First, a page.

Here in Australia there have been inevitable do-gooders calling for a reduction in speed limits to ameliorate the scourge of smombiefication. 30-kilometre-per-hour speed constraint advocate-imbeciles mean well, perhaps, but they never studied. Speed limits are predicated on stopping distance. At 40km/h (the school-zone mandate) a car can stop in about nine of 10 metres. This is about two car lengths.
So, if you manage to see the problem two car lengths away, or - heaven forbid - three, you won’t hit anything. Mister-fucking-Magoo can see that far down the road. Dropping to 30 kilometres per hour will not help, you well-meaning dickheads. It’s a reductio-ad-absurdum argument.
Proposing this is like commissioning an exorcism when someone has an epileptic fit (and remember, we actually used to do that, and not that long ago) - but today we realise a neurologist and the right anti-seizure medication will probably work a little bit better.
Speaking of countermeasures, North American telco giant AT&T launched the DriveMode App for iOS and Android, recently. An attempt to make smombiefication impossible in a moving car - with a lot of parent-friendly functionality, too. Australian telco providers: still a bit too mentally retarded for anything like that.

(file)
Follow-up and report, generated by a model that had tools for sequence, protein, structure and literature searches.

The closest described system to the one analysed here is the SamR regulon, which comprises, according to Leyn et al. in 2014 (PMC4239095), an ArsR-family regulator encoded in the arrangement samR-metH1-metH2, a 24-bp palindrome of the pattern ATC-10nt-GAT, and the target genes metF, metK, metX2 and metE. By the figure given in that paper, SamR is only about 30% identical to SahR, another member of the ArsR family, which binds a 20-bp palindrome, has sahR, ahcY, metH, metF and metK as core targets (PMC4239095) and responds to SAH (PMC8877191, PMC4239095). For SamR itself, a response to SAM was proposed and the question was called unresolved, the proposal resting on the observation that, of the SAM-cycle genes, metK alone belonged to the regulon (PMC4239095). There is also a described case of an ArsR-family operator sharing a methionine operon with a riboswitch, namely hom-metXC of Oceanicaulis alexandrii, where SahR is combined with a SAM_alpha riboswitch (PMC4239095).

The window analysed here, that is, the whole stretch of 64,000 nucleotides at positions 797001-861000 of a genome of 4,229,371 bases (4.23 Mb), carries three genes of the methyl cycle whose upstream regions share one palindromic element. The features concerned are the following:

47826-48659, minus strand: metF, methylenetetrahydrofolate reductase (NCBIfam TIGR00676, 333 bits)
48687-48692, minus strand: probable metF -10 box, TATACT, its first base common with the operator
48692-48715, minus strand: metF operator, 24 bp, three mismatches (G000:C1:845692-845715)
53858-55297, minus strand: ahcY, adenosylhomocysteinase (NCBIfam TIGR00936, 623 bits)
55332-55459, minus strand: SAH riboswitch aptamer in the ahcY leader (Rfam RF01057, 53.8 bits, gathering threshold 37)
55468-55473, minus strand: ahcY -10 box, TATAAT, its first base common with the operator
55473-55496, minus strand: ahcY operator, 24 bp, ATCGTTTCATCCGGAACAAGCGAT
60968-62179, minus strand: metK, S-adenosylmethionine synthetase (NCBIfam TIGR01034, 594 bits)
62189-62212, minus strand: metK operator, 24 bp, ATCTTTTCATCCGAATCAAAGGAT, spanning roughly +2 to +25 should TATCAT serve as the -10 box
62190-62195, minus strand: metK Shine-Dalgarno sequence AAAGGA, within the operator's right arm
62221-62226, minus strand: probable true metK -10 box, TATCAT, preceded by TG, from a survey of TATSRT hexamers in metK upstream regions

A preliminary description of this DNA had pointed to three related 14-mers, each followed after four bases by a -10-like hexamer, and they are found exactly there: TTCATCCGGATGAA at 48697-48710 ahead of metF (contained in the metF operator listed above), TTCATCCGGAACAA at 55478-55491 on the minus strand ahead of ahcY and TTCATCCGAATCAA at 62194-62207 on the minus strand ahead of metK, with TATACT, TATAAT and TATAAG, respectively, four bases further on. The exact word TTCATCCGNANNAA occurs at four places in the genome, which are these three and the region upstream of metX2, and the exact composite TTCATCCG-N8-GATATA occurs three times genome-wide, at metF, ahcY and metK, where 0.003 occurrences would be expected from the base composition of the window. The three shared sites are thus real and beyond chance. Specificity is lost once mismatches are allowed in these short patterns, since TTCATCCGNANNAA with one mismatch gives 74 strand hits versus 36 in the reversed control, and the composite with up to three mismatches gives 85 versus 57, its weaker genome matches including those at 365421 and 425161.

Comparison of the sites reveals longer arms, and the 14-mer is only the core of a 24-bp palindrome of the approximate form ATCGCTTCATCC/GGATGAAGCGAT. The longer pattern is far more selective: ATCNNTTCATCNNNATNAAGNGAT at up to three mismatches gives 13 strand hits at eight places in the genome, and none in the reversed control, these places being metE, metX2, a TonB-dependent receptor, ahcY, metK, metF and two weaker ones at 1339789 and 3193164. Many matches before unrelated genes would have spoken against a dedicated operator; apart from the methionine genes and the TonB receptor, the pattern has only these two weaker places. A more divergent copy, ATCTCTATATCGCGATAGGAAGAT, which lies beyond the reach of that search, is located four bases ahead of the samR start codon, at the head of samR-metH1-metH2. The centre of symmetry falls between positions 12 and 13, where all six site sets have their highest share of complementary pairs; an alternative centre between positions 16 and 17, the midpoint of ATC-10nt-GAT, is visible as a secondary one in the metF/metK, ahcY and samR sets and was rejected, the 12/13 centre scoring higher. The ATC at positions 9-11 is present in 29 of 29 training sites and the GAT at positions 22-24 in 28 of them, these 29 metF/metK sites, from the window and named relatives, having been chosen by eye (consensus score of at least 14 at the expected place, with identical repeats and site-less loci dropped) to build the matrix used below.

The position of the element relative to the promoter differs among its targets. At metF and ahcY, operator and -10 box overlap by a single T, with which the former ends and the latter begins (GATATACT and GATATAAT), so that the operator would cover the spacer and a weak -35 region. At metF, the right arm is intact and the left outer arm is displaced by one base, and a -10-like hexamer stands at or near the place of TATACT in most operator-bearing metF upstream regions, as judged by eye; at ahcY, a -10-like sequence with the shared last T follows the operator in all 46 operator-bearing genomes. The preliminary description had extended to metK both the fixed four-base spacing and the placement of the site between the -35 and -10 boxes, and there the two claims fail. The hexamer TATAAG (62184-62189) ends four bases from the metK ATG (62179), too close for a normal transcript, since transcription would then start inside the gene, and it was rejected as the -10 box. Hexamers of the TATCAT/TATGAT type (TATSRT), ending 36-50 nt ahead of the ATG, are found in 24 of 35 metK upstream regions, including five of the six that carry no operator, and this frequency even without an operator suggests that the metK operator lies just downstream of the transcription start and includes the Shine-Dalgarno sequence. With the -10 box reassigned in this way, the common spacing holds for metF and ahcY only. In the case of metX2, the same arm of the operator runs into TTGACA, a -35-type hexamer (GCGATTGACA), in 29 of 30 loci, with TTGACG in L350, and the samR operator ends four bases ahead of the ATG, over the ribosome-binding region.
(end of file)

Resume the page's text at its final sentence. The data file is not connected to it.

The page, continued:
But perhaps a smarter Swiss army knife-style countermeasure solution is to take personal responsibility. If you’re going to drive a car, leave your phone in your bag. Put it on silent. Put the bag in the passenger’s footwell behind the driver’s seat, out of reach. To sideline temptation. Acknowledge driving’s risks, and mitigate them by being responsible.
How hard is it?
I know: Very.
If you’re going to be a pedestrian, remain situationally aware. I’m as addicted to my phone as the next connected first-world human - but it really is pretty easy to look up and take a snapshot before stepping off the footpath and onto the road.
See also: the mad science of crash survival >>
The Neuroscience of Smombiefication & Risk Management
The big problem is: Nobody’s prepared to acknowledge the elephant in the room: We know it’s dangerous to become smombiefied - and by this I mean we all know it intellectually. But we don’t believe it’s dangerous - not viscerally. Not emotionally. Not deep-down in your bones. That’s neurological dissonnance - feelings trump intellect every time. It’s called being human.
Here’s an example: Rooting the boss’s secretary is generally a very bad idea. Not always, but generally. Long term. You know it’s wrong - dangerous - but it feels so right. The more you do it, the righter it feels, and the less the danger seems pertinent. Until it all blows up inconveniently in your face, and there are some awkward questions to answer.
Just ask Bill Clinton.
Experience - a Bad Teacher
Smombiefication is exactly the same thing. The more you get smombiefied, the more normal it seems. The further away the danger seems to reside. It’s less tangible every time. We learn from our most powerful teacher: experience. If you ride a pushbike as a kid, you very quickly learn what’s important - what to concentrate on - because falling off hurts. Pain is a very good teacher.
Except in a ‘low probability/high consequence’ environment, like out there on the road. You know, being run over is probably an excellent learning experience - except if you don’t survive. There’s really no way to ease past that.